The Electric Banana

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The Electric Banana was a nightclub in Pittsburgh, Pennsylvania. Beginning as a disco in the 1970s, it was a punk rock music venue from 1980 until 2000, and helped establish a place in alternative culture for the city of Pittsburgh.[1]

The venue hosted such acts as Black Flag, Circle Jerks, The Misfits, Hüsker Dü, Sonny Vincent and the Extreme, Half-Life, Dead Milkmen, Meat Puppets, Descendents, Rhythm Pigs, Snakefinger, Wreckless Eric, Ian Dury, Sepultura, Candlemass, Morbid Angel, New Model Army, They Might Be Giants, Minutemen and countless others. Located at 3887 Bigelow Boulevard, it was transformed by owner Johnny "Banana" Zarra into an Italian restaurant called "Zarra's: A Taste Of Southern Italy."

History[edit]

The Electric Banana became a punk rock club in early 1980, after stints as both a regular go-go bar and a gay go-go bar.[2] Zarra and wife Judy (a former go-go dancer) took up an offer from local punk and other "unique" bands and artists who needed a venue to play. Within a couple of years, The Banana became the epicenter of Pittsburgh's punk scene. By 1982, most of the "name" bands of the national underground punk scene had played the Banana.

Amongst the local acts, there was the aforementioned Half-Life, Watch for Busses, The Cynics, S.M.D.(Screaming Mailboxes of Destiny), Boystown, The Beating, The Cowboys from Hell, the past three mentioned bands all had members in common which were Phil Crists (drums) Mike Kastelic currently of the Cynics (vocals) Rick Pegg (guitar/vocal) who died in 2008 and Ron Cambest (guitar/vocal). The Beating and the Cowboys from Hell also coined the phrase and developed the genre "CowPunk" by combining Cowboy music and Punk Rock creating a new sound. 99 cents, The Five, The Cardboards, Societys Victim, The visually outrageous Suburban Death Row & their punk rock soap opera; Savage Amused, Flak, 99 Cents, The Garden, White Wreckage, Moist, Real Enemy, The Feedback, The Throbbing Dogs (1995 House Band), AMS and Carsickness, all of which became regular acts at The Banana, and often "hosted" the national acts coming through.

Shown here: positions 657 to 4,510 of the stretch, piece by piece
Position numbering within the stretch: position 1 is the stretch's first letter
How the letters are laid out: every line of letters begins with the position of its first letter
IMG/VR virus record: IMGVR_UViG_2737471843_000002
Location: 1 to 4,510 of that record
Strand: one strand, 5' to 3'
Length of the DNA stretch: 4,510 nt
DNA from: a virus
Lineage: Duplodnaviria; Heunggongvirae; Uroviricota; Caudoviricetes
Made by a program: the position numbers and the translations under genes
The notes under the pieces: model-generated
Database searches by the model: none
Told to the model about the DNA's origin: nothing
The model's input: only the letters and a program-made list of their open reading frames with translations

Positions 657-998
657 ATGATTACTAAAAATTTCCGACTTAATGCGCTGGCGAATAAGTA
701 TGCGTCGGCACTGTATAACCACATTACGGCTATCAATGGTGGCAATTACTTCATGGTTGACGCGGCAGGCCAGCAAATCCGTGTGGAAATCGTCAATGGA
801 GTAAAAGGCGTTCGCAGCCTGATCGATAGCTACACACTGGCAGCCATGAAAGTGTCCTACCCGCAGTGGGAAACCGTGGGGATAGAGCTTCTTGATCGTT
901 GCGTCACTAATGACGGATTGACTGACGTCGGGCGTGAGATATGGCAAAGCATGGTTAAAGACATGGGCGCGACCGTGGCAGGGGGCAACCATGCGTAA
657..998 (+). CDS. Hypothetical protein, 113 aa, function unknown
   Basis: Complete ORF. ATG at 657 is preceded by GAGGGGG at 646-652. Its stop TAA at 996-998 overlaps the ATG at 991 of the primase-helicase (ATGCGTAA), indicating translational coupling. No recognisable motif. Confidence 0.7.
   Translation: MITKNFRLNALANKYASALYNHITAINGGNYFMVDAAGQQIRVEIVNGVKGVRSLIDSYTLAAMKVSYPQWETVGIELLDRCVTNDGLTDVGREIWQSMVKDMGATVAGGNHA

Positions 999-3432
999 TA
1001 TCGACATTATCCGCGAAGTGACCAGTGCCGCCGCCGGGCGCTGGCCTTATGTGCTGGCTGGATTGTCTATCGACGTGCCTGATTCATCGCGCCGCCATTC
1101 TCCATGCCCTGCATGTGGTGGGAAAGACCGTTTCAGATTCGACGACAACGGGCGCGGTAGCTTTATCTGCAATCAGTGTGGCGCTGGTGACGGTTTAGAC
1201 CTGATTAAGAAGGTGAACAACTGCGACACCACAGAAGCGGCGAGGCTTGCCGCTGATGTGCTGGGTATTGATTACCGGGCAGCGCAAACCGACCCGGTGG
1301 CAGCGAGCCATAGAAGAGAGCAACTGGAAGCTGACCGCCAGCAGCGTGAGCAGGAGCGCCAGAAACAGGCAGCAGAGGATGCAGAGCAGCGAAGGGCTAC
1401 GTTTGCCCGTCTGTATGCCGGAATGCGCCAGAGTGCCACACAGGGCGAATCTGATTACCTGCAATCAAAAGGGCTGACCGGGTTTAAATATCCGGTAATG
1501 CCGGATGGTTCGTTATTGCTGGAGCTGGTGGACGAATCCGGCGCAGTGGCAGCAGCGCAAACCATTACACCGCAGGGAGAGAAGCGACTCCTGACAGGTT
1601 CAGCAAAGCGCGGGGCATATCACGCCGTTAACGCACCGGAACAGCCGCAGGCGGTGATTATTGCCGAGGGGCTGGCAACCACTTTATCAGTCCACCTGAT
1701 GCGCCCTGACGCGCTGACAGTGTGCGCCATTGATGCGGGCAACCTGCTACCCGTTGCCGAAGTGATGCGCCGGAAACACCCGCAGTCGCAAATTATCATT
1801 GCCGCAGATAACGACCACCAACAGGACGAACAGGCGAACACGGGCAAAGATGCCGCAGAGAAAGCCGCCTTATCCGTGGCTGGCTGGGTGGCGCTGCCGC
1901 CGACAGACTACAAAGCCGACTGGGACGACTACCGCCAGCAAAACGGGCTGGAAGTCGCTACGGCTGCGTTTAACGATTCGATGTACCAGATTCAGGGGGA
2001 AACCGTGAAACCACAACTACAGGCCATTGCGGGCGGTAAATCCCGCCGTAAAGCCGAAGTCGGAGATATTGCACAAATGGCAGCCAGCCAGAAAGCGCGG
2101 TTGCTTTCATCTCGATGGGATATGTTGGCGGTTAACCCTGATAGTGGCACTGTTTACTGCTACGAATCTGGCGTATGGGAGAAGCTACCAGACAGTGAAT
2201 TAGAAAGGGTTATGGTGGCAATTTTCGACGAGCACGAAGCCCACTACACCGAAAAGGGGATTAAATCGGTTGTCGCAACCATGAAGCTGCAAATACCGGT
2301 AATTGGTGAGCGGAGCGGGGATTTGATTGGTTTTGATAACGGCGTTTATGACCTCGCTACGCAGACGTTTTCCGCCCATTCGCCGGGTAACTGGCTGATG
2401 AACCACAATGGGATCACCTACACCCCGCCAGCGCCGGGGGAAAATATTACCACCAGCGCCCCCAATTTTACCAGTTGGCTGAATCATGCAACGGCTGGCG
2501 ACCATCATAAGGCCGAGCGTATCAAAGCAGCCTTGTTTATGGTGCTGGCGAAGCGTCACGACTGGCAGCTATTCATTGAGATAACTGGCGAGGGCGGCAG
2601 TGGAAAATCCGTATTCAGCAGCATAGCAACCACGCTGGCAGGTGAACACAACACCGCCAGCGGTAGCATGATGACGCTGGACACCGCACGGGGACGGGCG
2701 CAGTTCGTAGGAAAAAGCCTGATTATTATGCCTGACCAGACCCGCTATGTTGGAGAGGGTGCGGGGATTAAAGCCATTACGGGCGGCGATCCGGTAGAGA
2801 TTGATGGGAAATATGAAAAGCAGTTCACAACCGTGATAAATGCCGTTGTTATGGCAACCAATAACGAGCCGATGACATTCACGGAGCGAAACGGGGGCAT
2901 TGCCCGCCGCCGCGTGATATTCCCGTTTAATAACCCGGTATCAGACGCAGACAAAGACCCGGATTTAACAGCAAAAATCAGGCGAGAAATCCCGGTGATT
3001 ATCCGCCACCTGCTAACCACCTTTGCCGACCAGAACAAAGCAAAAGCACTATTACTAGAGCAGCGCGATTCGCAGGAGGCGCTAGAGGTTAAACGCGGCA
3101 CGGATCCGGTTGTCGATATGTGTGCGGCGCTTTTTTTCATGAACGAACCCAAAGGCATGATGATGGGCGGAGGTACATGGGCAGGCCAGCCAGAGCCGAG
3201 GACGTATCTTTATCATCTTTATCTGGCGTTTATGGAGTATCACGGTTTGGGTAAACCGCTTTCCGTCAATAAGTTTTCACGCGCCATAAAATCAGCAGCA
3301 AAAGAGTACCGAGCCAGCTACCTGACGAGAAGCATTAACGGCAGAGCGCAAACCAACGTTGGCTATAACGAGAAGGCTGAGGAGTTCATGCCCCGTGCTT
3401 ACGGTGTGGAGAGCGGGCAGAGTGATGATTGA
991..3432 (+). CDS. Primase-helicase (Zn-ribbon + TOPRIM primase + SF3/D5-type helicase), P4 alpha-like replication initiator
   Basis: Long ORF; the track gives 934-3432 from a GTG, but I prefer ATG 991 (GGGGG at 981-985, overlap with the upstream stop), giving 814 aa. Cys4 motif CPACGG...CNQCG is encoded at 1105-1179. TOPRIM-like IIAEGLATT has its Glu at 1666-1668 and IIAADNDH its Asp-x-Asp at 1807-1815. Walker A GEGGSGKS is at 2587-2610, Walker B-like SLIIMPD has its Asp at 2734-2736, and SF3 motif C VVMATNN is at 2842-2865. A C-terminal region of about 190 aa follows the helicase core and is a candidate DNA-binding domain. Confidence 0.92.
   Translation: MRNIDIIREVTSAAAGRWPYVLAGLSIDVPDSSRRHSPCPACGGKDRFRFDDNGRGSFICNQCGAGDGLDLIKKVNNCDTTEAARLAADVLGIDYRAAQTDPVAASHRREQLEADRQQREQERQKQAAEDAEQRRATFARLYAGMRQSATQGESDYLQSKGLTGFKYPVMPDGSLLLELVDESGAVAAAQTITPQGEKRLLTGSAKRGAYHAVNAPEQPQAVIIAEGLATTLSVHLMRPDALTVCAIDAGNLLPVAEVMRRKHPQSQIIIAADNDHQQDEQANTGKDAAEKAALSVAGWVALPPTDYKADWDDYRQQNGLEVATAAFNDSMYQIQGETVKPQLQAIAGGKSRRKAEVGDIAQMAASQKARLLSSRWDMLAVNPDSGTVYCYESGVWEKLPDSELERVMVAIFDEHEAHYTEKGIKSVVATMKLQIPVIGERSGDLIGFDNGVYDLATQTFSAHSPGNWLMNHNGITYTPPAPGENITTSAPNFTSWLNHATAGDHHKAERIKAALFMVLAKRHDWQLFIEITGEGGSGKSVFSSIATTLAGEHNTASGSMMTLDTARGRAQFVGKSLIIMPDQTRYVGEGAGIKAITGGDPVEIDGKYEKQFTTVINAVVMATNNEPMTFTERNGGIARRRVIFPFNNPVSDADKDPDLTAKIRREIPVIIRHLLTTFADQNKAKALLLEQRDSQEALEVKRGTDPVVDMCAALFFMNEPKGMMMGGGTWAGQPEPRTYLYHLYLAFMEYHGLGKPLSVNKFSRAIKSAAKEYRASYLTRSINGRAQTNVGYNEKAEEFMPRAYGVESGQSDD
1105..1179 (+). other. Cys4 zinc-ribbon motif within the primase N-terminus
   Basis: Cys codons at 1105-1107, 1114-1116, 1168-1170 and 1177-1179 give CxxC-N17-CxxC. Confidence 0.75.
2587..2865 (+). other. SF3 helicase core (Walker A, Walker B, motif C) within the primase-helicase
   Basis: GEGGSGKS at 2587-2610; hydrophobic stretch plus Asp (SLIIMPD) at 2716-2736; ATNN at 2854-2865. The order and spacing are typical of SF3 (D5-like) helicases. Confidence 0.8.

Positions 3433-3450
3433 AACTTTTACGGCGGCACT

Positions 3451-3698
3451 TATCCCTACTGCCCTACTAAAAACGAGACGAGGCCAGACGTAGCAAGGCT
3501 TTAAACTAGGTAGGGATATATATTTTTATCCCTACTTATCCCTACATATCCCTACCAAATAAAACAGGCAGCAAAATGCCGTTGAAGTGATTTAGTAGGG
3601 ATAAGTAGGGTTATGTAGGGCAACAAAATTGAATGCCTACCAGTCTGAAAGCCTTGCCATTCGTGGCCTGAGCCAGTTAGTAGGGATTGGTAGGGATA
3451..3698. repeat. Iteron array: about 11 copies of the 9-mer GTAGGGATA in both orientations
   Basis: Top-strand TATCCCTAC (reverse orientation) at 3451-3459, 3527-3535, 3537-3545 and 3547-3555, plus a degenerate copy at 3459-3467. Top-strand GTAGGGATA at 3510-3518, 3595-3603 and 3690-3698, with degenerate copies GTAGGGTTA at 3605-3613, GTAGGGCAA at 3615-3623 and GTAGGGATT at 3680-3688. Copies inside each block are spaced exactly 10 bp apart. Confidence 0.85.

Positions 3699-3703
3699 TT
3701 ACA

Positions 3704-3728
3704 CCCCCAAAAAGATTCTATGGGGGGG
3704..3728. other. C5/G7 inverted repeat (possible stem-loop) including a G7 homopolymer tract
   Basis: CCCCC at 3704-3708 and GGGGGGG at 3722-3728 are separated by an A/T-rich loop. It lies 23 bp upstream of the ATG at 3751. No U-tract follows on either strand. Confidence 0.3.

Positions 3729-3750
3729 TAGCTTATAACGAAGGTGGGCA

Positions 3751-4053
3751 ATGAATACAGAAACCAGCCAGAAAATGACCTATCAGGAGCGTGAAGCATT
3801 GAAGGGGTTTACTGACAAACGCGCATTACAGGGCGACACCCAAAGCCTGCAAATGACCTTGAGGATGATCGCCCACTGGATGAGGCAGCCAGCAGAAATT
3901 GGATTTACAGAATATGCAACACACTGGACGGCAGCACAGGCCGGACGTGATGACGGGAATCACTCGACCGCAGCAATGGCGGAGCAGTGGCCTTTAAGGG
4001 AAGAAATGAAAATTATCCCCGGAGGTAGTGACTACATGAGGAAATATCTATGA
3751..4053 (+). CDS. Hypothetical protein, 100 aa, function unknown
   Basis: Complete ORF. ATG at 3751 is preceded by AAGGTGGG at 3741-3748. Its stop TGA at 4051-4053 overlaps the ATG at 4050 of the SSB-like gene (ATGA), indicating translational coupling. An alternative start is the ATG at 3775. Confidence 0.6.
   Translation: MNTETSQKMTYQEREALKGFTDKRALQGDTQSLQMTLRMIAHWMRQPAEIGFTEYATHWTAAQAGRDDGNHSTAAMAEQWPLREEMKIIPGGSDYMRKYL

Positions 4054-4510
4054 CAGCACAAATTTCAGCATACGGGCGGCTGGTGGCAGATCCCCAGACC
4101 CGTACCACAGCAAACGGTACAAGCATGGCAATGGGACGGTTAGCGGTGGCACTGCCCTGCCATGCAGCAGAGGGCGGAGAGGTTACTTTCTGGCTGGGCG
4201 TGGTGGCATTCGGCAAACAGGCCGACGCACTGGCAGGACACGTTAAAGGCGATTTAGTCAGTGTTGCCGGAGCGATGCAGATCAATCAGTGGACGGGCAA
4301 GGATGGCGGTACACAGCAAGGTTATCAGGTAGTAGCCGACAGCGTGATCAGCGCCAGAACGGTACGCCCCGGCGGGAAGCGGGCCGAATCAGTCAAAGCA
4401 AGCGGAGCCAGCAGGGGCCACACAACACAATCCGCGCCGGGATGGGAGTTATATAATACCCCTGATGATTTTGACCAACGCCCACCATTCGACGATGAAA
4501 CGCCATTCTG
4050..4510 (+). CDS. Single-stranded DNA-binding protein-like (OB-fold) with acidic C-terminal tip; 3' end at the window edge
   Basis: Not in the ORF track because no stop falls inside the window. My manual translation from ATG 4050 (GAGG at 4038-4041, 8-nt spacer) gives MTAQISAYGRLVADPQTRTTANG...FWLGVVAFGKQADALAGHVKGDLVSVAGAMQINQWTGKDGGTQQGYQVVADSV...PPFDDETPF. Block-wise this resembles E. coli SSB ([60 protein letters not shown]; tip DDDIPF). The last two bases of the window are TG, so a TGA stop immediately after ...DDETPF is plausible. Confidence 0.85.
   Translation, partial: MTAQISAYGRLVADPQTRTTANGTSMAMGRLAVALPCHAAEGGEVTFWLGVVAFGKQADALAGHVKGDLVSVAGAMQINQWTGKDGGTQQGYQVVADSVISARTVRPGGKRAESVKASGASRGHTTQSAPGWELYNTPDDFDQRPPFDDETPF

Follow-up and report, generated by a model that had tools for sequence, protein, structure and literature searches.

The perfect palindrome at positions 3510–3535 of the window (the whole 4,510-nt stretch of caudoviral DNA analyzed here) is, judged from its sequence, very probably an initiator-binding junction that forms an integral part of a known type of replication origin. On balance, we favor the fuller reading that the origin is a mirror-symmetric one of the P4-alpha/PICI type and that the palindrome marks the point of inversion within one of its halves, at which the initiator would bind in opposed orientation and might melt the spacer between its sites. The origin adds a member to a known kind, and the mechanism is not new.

Cultural impact[edit]

A mention is made to the Electric Banana in the song "Pittsburgh" by They Might Be Giants on their 2004 Venue Songs Album. The song concentrates on Mister Smalls theater in Millvale, but The Banana is mentioned in the lines:

I still have dreams about a place / called the Electric Banana / where we're falling into space

The Electric Banana was also known for its stylized yellow matchbook covers. The image of a banana may have been copied from Andy Warhol's icon used for the Velvet Underground.

See also[edit]

References[edit]

Punk rock party ends with Blues-Barry Paris Pittsburgh Post Gazette August 30, 1979

Electric Banana is a Lab for New Music -Peter B King Pittsburgh Press February 6, 1986

Our Own Slice of Nirvana Pittsburgh Post-Gazette April 9, 1993

Music Makers Mike Kalina Pittsburgh Post Gazette Aug 9, 1976

Punk goes the trend - Mikie Kalinia Pittsburgh Post Gazette Jan 30, 1981

Tales from the Electric Banana—Pittsburgh's punk laboratory - By Doug Hughey Pittsburgh Post Gazette November 14, 2010

Pittsburgh’s Rocking Past – By A.J. of the X Mondesis House Blog January 2008

Pioneers of early Pittsburgh scene gather for a reunion weekend - By Scott Mervis, Pittsburgh Post-Gazette August 17, 2006

Local Scene: Introducing the Wandering Rocks - Scot Mervis Pittsburgh Post Gazette January 17, 2013

Tour pairs Reid Paley and a Pixie - Scot Mervis Pittsburgh Post Gazette February 12, 2013

  1. ^ Hughey, Doug (November 14, 2010). "The Next Page: Tales from the Electric Banana -- Pittsburgh's punk laboratory". Pittsburgh Post-Gazette. Retrieved November 15, 2010. 
  2. ^ "The Electric Banana". WYEP. Retrieved November 15, 2010. 

External links[edit]

Coordinates: 40°27′17″N 79°57′15″W / 40.4548°N 79.9542°W / 40.4548; -79.9542